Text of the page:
After nearly two years of focusing on COVID-19 and working inside 13 different hospitals for the Los Angeles Times, it was finally time to go outside, away from crowds, and take a break from the pandemic.
First stop: the General Grant Tree in snow — sometimes called the nation’s Christmas tree — located in Grant Grove in Kings Canyon National Park.
I was attempting to make my way to General Sherman and other sequoias affected by the KNP Complex fire, but the road between Sequoia National Park and Kings Canyon National Park remains closed due to inclement weather.
General Grant did not disappoint. The tree is about 268 feet high, and the circumference of the trunk is 107 feet, second in size only to General Sherman.
The crowd was minimal and the path slow due to ice, allowing me to focus both on the details of the icicles dripping from moss and the giant Sequoia in the snow.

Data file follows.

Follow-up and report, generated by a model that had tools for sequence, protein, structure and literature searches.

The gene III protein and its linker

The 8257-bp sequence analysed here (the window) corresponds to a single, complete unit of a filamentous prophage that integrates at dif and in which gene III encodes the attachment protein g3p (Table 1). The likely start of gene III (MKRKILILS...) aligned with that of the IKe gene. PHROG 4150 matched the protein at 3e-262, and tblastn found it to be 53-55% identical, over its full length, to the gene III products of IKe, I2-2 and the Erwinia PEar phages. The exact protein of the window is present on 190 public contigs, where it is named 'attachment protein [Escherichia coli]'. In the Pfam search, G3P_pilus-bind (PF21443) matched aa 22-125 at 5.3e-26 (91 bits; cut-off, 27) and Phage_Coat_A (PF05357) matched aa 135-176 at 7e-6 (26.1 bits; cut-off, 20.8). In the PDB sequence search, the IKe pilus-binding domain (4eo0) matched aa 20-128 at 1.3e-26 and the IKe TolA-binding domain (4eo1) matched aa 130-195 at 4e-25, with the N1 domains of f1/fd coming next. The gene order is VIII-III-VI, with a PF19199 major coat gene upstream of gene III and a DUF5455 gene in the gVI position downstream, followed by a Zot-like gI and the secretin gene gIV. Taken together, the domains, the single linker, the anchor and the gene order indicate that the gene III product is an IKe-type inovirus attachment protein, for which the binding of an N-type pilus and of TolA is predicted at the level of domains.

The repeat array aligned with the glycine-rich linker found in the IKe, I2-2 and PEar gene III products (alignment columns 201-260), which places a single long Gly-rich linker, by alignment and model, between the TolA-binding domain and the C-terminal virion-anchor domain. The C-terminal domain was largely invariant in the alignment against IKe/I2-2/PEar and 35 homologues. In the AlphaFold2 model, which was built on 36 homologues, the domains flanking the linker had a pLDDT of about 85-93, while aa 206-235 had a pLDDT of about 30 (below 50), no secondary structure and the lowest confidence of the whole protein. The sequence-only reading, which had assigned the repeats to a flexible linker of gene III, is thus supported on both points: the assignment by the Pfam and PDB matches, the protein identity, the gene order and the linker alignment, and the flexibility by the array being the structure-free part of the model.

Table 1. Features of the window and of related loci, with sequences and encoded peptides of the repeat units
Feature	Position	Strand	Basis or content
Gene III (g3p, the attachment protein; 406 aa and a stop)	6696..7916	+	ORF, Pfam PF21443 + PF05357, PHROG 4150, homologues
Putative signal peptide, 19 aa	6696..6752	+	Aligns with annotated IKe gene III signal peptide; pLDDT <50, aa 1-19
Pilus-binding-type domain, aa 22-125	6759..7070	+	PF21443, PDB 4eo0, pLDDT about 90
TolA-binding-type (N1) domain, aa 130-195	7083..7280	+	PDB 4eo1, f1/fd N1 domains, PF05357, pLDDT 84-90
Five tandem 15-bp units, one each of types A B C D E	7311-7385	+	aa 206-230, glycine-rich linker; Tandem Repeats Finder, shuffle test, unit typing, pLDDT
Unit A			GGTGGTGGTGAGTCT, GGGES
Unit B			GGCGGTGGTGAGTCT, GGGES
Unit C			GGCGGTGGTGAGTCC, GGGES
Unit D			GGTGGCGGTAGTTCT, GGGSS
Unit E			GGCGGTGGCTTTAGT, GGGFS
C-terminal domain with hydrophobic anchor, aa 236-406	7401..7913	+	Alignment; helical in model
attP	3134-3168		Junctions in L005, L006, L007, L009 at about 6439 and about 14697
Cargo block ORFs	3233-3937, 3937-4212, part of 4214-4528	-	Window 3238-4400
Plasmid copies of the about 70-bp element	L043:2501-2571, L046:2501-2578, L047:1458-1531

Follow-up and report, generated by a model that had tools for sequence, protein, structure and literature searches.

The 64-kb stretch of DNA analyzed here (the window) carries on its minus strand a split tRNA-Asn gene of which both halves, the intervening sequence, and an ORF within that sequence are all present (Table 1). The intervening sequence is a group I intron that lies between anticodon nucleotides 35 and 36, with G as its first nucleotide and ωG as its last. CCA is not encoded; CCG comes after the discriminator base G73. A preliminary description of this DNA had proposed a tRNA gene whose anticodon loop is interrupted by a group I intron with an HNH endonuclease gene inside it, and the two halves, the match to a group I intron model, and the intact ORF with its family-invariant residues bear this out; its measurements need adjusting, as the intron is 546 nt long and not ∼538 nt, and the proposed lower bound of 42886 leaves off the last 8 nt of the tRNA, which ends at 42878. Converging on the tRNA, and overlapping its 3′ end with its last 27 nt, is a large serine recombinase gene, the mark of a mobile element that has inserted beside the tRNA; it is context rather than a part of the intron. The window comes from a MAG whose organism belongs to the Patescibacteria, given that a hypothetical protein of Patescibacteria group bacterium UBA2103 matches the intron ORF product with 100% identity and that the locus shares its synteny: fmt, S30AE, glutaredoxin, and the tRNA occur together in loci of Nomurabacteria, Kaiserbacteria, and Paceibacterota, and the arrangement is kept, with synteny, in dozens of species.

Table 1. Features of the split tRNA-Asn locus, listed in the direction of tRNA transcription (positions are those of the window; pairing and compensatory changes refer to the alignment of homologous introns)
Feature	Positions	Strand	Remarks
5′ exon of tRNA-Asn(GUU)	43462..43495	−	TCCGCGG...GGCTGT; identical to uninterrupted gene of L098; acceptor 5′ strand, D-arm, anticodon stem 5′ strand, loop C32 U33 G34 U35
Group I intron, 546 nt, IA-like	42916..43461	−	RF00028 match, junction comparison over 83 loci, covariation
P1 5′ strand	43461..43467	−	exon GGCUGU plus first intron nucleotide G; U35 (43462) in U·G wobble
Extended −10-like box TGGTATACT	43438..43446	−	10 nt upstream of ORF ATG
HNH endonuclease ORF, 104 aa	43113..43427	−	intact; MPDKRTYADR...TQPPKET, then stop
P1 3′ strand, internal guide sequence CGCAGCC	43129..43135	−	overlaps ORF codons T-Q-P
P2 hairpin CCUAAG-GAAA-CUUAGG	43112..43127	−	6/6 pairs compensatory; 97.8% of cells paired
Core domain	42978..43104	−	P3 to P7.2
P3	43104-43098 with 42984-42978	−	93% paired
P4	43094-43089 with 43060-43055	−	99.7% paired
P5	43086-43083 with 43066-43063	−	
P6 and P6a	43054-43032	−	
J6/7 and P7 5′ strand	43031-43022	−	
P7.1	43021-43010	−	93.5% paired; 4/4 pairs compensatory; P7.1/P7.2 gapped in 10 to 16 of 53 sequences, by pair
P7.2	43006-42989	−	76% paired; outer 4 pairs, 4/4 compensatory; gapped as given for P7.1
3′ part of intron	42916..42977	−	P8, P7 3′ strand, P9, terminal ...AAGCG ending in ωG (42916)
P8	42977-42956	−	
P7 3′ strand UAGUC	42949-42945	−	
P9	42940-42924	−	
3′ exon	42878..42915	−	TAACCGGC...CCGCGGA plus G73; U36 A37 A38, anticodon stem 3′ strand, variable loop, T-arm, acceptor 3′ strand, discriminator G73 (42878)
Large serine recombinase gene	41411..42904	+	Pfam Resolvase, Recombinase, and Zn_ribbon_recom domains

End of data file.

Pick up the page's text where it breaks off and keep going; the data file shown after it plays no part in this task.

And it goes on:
Yosemite took my breath away. My first visit. Ancient giant granite cliffs. Snow-covered meadows. Ice weighing down the pine needles. The rush of the waterfalls breaking the silent air. I am already planning my second visit.
And lastly, a brief stop to photograph trees affected by the Caldor fire near Martin Meadows, about 35 miles south of Lake Tahoe. The Caldor fire burned 221,835 acres in the fall of 2021. Recent storms have dropped multiple feet of snow, with more on the way.
My spirit feels rejuvenated having a few days void of focusing on COVID-19.
During winter’s solstice, I took the long drive home through fog on icy roads. It gave me time to reflect on the impermanence of life, the inevitability of death and the continuum of hope during my brief excursion from the city.
General Grant is about 3,000 years old. El Capitan in Yosemite Valley was formed roughly 200 million years ago. And one day children will again play in the forests scarred by fire. We will get past the pandemic in time. And I felt at peace having spent time in nature.
“In every walk with Nature, one receives far more than he seeks.” — John Muir
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